this magnificent biography…The treacherous, colourful life of Burgess has all the right ingredients for an engrossing story and Lownie, who has spent 30 years researching this biography, makes the most of it. With a narrative as gripping as a thriller the book charts Burgess’s strange journey from his upbringing as the son of a naval officer through his involvement with the notorious spy ring at Cambridge in 1930s, to his exile in the 1950s…Treason, alcoholism and the Cold War are all dark, serious issues yet Lownie has an eye for the humorous and quirky.
Daily Express 5*
Stalin’s Englishman tells the outrageous story of a master manipulator and trickster, and evaluates his treason with a vigour that makes it one of the biographies of the year.
Times 'Book of the Week'
this meticulously researched biography…Lownie is broadly persuasive in rescuing Burgess from his previous role as the drunken also-ran in Britain’s spying pantheon….This is a very well- written biography … an astonishing piece of research.
well-researched and comprehensive .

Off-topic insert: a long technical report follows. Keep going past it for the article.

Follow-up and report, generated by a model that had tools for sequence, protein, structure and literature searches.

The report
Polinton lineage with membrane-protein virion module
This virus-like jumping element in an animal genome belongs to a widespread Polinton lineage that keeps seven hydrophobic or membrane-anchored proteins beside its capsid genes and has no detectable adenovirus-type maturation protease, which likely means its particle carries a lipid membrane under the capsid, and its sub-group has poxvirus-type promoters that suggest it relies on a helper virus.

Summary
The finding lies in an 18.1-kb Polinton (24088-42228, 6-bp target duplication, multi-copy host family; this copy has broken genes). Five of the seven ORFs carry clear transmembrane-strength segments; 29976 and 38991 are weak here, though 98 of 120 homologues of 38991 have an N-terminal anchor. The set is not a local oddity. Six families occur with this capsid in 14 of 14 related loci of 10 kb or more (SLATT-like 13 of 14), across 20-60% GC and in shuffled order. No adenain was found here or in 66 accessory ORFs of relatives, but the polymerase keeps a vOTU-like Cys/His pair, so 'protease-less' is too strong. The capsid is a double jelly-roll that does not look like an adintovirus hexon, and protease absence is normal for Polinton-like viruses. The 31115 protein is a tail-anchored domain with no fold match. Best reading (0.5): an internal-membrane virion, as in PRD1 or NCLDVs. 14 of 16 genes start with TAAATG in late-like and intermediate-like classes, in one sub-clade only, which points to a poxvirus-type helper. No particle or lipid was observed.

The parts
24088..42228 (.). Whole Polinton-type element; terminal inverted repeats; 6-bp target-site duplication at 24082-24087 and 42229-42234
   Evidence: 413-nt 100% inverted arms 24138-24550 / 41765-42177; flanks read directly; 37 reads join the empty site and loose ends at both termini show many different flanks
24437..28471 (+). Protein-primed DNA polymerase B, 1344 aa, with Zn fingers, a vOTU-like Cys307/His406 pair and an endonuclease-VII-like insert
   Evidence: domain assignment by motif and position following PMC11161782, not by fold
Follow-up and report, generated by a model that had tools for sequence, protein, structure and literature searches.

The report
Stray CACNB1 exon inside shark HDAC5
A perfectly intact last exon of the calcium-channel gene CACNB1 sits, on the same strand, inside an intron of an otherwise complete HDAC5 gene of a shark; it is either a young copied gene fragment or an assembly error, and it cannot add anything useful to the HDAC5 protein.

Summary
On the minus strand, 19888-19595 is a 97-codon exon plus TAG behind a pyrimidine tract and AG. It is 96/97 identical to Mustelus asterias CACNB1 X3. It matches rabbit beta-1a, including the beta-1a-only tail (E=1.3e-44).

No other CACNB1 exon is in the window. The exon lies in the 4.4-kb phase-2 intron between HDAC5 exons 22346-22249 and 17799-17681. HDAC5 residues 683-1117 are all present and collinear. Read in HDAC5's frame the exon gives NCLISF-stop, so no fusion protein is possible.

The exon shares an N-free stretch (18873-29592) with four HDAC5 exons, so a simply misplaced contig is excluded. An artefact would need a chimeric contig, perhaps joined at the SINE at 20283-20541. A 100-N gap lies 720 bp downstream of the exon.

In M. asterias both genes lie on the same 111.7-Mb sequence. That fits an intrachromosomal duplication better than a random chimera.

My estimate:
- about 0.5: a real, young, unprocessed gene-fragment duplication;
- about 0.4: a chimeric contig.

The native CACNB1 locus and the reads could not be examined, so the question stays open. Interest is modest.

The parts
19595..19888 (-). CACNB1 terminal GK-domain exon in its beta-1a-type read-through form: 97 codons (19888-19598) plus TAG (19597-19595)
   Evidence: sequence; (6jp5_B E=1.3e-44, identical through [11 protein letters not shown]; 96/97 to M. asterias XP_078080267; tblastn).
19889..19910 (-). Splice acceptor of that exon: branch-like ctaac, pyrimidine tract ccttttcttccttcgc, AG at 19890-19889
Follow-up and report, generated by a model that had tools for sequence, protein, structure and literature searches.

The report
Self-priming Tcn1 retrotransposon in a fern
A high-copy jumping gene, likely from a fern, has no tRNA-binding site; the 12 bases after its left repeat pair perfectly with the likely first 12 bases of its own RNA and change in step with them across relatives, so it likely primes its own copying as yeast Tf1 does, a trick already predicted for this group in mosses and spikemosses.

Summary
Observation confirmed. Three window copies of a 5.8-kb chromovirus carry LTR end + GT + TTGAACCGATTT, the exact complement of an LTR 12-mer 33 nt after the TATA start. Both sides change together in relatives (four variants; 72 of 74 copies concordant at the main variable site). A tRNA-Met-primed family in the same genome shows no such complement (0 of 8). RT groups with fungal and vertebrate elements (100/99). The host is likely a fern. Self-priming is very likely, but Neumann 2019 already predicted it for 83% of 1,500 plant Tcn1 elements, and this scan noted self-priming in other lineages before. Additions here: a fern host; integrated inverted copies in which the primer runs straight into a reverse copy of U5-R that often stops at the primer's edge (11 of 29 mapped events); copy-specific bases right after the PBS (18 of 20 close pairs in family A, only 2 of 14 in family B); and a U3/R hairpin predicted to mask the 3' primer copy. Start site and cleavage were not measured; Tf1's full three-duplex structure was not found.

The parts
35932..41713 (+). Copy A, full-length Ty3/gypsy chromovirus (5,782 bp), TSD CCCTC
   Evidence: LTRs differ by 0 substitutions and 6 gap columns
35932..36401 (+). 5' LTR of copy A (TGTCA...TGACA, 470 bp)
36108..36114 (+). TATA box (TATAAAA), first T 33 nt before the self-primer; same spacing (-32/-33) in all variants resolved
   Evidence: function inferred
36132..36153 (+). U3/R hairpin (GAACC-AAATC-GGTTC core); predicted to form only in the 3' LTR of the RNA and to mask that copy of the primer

Scottish Review of Books
One of the most important intelligence books in many years.
Eye Spy Magazine
A fascinating story, racily recounted.
this deeply researched new biography…Lownie has unearthed much fascinating material…well worth reading.
Andrew Lownie demonstrates that there is plenty still to be learned about Burgess...an enjoyable and convincing biography...fair-minded and non-judgemental...
exhaustive research, elegant construction, psychological acuity, wit and the necessary sympathy....Lownie shows that Burgess’s treason was far more significant than had been thought.
Spectator, Books of the Year
a biography that reads as compellingly as a fine novel.
It is to Andrew Lownie’s credit that, in the sad and funny Stalin’s Englishman, he manages to convey the charm as well as the turpitude
Craig Brown, Guardian Books of the Year
Shrewd, thorough, revelatory.